TEL AVIV – With diplomatic efforts to curb the fluctuation of Iran’s nuclear program, Israel’s defense minister ordered his troops to prepare a military option, warning the world that Israel would take matters into its own hands if a new nuclear deal did not sufficiently constrain Iran.
But several current and former senior Israeli military officials and experts say Israel lacks the ability to launch an attack that could disrupt or even significantly delay Iran’s nuclear program, at least in the near term. One current senior security official said it would take at least two years to prepare an attack that could cause significant damage to Iran’s nuclear project.
Experts and officials believe that a smaller blow, damaging parts of the program, but not ending it completely, would have been possible earlier. But broader efforts to destroy dozens of nuclear facilities in remote parts of Iran – an attack threatened by Israeli officials – will go beyond the current resources of the Israeli military.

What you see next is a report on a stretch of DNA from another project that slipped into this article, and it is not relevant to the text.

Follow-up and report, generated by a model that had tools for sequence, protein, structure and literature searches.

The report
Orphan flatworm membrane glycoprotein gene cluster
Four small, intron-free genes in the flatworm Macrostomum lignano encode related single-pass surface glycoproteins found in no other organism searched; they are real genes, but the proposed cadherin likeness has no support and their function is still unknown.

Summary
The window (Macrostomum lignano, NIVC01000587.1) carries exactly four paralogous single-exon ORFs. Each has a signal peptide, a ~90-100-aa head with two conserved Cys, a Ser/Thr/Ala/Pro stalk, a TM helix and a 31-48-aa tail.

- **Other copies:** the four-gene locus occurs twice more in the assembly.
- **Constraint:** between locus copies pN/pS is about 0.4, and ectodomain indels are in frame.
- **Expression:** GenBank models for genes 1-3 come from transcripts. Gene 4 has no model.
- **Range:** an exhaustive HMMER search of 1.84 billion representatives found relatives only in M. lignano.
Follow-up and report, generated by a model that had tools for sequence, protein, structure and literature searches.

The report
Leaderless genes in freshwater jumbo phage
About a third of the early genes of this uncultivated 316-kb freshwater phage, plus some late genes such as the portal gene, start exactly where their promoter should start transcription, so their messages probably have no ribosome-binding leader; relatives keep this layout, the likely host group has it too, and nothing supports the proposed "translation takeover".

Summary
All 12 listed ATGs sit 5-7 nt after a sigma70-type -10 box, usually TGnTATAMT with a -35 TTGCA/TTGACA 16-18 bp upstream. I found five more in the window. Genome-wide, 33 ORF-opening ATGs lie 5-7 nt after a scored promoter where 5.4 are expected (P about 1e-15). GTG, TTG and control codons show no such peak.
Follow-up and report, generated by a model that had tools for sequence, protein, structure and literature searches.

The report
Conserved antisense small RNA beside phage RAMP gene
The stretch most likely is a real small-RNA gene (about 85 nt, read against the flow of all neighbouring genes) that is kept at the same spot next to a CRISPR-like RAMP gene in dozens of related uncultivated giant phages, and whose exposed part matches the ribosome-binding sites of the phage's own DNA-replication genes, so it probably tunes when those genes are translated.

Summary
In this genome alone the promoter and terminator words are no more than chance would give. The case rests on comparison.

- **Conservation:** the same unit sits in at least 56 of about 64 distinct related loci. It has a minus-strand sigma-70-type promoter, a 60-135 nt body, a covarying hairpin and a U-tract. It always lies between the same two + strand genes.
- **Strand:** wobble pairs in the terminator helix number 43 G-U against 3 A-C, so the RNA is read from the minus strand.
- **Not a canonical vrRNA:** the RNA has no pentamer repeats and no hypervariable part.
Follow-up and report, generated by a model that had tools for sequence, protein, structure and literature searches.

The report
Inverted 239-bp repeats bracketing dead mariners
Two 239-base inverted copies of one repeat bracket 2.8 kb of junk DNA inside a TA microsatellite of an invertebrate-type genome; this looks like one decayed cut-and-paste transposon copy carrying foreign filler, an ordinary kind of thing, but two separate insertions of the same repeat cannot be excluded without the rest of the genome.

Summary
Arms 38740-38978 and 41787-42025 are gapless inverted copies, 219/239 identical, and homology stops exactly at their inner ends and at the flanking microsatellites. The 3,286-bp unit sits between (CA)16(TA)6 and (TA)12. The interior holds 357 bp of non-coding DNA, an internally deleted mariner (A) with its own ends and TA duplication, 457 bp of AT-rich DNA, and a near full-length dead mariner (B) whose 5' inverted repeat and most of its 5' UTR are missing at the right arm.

“It is very difficult – I would say even impossible – to start a campaign to look after all of these facilities,” said Relik Shafir, a retired Israeli Air Force general who was a pilot during the 1981 strike on an Iraqi nuclear facility.
“In the world we live in, the only air force that can campaign is the US air force,” he said.
The recent discussion of a military attack on Iran is part of a campaign to pressure Israel to make sure that the countries negotiating with Iran in Vienna disagree with what Israeli officials see as a “bad deal” that they believe will not interfere with Iran. from the development of nuclear weapons.
There seems little chance at this point, as negotiations aimed at reviving the 2015 nuclear deal with Iran have only regressed since Iran’s new hard-line government joined them last month.
So far, Israel has tried to curb Iran’s nuclear program, which it considers a real threat, through a combination of aggressive diplomacy and covert attacks. Israeli officials saw it as a coup when they managed to persuade President Donald Trump to withdraw from the 2015 deal that President Biden now wants to save.
Israel is also waging a shadow war through espionage, targeted assassinations, sabotage and cyberattacks – smaller operations that it has never officially claimed. Israel secretly considered launching full-scale airstrikes in 2012 before abandoning the plan.
But as Iran’s nuclear enrichment program approaches weapons-grade levels, Israeli politicians are increasingly warning of what the world has long assumed: Israel could go into open war if Iran is allowed to make progress in developing nuclear weapons, which is aim of Iran. denies.